Homer Prints, Booth China, and Bobbsey Twins
Jeffrey Pearson ISA-AM
With lack of space to write and now less articles per year, I'm going to focus on the importance of responding to yourletters. THANK YOU! I answer questions as fast as I can so I do hope patience is a virtue with us all.
Q. I have in my possession three Winslow Homer framed prints that my parents purchased on their honeymoon, and I was wondering if you could maybe give me any information on them? Thank you! -Judy in SunCity-
A. I'm one that doesn't like to be bearer of bad, news, but my duty is to give you "just the facts mam". Winslow Homer was awell- respected and sought after artist of his time. The art market has taken a turn for worse in this day and age. Ten years ago your Winslow Homer prints would range $100.00-$450.00; however, today's market has diminished to an alarming degree and IF LUCKY, your prints will bring anywhere from $25.00-$75.00 each. Times they are a changing.
Q. My family and I arrived 62 years ago at Ellis Island with a few pieces of Booth china. Every visit to Northern Ireland she brought more pieces back. I now have 87 pieces of "Real Old Willow" #A8025 with golden edge. I am 92 and no family wants the china. I would appreciate your appraisal or any information of names of possible buyers. -Rev. Burrows-
A. Your Booth china, which was bought out by Royal Doulton is one of the more beautiful sets out there. The gold trim is a wonderful accent to the eye, but not o people today who wish to use it in the microwave, making it not so worthy for younger generations. Today's market is all about multi use and space conservation. A set like this today on the fair market still could bring $300.00-$600.00 on a good auction day. Anyone who buys Booth is either a collector or wanting to resell, which means buy low and sell high. I recommend contacting Brunk's Auction in Sun City (623) 933-7748. For the items in question this is your greatest ally.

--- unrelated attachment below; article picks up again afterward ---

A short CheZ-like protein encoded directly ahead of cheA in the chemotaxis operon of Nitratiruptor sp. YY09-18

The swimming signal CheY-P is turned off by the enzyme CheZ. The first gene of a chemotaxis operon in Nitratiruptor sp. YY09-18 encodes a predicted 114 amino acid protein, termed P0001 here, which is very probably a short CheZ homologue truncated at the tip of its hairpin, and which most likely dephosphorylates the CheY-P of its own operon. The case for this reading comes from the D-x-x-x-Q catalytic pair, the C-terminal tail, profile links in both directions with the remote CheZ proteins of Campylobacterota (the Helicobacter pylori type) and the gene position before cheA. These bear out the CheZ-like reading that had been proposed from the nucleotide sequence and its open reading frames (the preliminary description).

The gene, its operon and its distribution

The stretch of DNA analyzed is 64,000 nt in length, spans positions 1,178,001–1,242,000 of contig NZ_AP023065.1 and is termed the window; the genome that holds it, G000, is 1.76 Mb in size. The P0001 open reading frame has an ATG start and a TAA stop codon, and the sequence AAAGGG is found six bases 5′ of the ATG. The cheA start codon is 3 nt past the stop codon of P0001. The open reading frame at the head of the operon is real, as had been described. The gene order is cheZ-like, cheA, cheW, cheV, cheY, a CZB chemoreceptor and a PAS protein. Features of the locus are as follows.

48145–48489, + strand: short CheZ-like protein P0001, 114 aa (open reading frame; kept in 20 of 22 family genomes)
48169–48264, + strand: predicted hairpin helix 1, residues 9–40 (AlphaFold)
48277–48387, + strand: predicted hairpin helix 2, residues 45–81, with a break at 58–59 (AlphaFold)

Q. Please be so kind as to help me. I have two books; The Bobbsey Twins at Snow Lodge copyright 1913 and the other is Alice's Adventures in Wonderland by Lewis Carroll copyright 1897. Are they valuable and do you know anyone interested in purchasing them? -Harriett-
A. One of the greatest novels of my youth was the creepy beauty of Alice and her trials will forever be with me. I value this book as priceless when it comes to my love of story and a good read; it seems not so many people under the age o 40 can relate in the new millennium. Personally I think computers and technology have destroyed the purity of books as well as their value. First prints and limited editions are what collectors are looking for as well as CONDITION. How well preserved the books are will determine the overall value. Alice can bring you $20.00-$200.00 in today's market; maybe more if all the stars align and the Bobbsey Twins at Snow Lodge unfortunately can be $3.00-$40.00.
Value can be looked at primarily in two ways: personal and monetary. Make sure when you do seek and discover all the beautiful relics from the past that they be cherished for the next generations for eventually there will be a time when your grandchild's children will come up to them and ask:"What is this?", and they will reply, "Why that is a book, honey".
Treasure everything for everything is a treasure.